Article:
A far-reaching federal cruise ship pollution bill introduced in Congress last week effectively would ban all wastewater dumping in the narrow channels of Alaska's Inside Passage.
The bill sets shore-distance requirements for dumping and establishes observer programs and a system awarding damages to whistleblowers.
Representatives of the cruise ship industry said they already are adhering to strict environmental regulations established in 2001.
"If you recall, in 2001 Sen. (Frank) Murkowski passed legislation in the U.S. Congress that essentially mirrors the Alaska state law," said Michael Crye, president of the International Council of Cruise Lines. "We worked to ensure that the legislation was rational and doable."
The proposal would require cruise ships to travel at least 12 miles from the U.S. coastline before discharging sewage, bilge water and graywater, which originates from sinks, showers and laundry machines. That's wider than any spot between Southeast Alaska's islands and mainland.
The proposal was introduced by Sen. Richard Durbin, D-Ill., and Reps. Sam Farr, D-Calif., and Christopher Shays, R-Conn.
Although the bill does grandfather some cruise ship regulations under Alaska law, vessels in the state would have to comply with the 12-mile limit.
"Even the ships with advanced wastewater systems will no longer be able to discharge in Alaska waters," said Gershon Cohen, a water-quality activist in Haines who helped draft the bill.
Under state law, cruise ships in Alaska now can discharge three miles away from shore.
The proposed bill also would establish effluent limits for treated sewage and graywater beyond the 12-mile limit. Ships traveling in Alaska would not be subject to minimum effluent limits, set by the U.S. Coast Guard and Environmental Protection Agency, for three years after passage of the bill.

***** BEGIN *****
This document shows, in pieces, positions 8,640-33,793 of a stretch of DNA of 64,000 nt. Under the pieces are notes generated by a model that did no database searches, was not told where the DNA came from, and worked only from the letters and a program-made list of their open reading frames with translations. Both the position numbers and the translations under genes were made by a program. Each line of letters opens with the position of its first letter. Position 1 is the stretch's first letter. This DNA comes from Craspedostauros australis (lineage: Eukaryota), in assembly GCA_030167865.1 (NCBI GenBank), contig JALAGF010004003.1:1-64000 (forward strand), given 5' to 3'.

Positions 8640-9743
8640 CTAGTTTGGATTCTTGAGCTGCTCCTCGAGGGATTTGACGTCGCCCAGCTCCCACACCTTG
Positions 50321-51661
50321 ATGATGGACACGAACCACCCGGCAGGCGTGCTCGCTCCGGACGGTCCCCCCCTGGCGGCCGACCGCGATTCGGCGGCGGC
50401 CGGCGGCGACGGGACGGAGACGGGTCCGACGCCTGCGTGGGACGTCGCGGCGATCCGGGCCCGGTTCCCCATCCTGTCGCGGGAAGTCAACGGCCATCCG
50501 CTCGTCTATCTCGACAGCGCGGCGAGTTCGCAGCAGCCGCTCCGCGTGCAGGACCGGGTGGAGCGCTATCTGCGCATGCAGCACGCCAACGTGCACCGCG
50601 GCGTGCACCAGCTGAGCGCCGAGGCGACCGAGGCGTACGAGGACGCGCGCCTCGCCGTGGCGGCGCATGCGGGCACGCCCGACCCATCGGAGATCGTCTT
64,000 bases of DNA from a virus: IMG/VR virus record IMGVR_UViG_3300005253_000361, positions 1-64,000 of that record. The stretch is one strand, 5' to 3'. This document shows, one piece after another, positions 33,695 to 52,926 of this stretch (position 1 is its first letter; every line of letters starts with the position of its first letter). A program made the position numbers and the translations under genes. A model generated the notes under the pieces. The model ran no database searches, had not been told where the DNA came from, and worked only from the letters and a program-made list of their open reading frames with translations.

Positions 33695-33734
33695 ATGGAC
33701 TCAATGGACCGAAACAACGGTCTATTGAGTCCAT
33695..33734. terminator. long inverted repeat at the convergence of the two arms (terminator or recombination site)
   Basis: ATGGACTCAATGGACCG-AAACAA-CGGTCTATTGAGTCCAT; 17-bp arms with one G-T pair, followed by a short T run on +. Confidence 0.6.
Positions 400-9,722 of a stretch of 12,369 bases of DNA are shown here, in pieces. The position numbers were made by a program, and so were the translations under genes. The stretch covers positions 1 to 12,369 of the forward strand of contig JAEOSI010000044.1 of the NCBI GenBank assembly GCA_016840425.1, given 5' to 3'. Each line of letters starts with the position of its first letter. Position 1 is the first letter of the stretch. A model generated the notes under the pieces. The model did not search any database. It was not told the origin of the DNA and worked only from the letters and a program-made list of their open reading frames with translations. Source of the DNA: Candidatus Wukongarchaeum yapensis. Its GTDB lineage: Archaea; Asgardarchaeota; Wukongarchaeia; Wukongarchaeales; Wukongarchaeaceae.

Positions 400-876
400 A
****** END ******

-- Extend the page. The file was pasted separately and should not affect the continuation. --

Cohen said the proposal establishes an observer program in which two certified marine engineers on each ship would review wastewater discharges. Ships also would have to be equipped with electronic devices that would report when and where discharges take place.
Citizens reporting illegal dumping also would be eligible for receiving half the damages from lawsuits.
"It's an incentive to the public to watchdog the industry," Cohen said.
The bill also would establish a cruise vessel pollution-control fund, imposing a fee of up to $10 per passenger to pay for the program.
Tom Dow, vice president of public affairs for Carnival Corp., said about 13 of the 15 ships his company represents in Alaska have advanced treatment systems.
"They're kind of operating at a state-of-the-art level right now," Dow said.
He said there is an ongoing review of cruise ship pollution by the federal government.
"The EPA is now undertaking a very extensive evaluation of this program for permanent regulations," he said.
But Kira Schmidt, a campaign manager for a national environmental group, the Bluewater Network, said the EPA has been working on the assessment for two years.
Schmidt said Bluewater helped draft key components of the bill, but has been working since 1999 to strengthen regulations on cruise ship dumping.
That year the group drafted a regulatory petition to the U.S. Environmental Protection Agency to review regulations written in 1976 dealing with cruise ship wastewater discharges.
"There is an exemption in the Clean Water Act for discharges of sewage and graywater for cruise ships," Schmidt said.
She said the EPA held a series of public meetings in 2001 in Juneau, Los Angeles and Miami and are writing a comprehensive assessment report.
"This bill will finally stop cruise lines from flushing sewage and dirty water into our coastal waters," Schmidt said. "This bill provides a simple solution to a very messy problem."
Both Crye and Dow said the statement is inaccurate.
"I would say that obviously (Schmidt) is either misinformed about what the members of the International Council of Cruise Lines are doing or is intentionally ignorant of what the members are doing," Crye said.
He said the statement and provisions in the bill are not backed by sound science, adding that the cruise ship industry relies on the environmental health of the oceans.
"We are invested in the oceans," Crye said. "Tell us what the impacts are and tell us what is the right thing to do and we'll do it."
Timothy Inklebarger can be reached at email@example.com.
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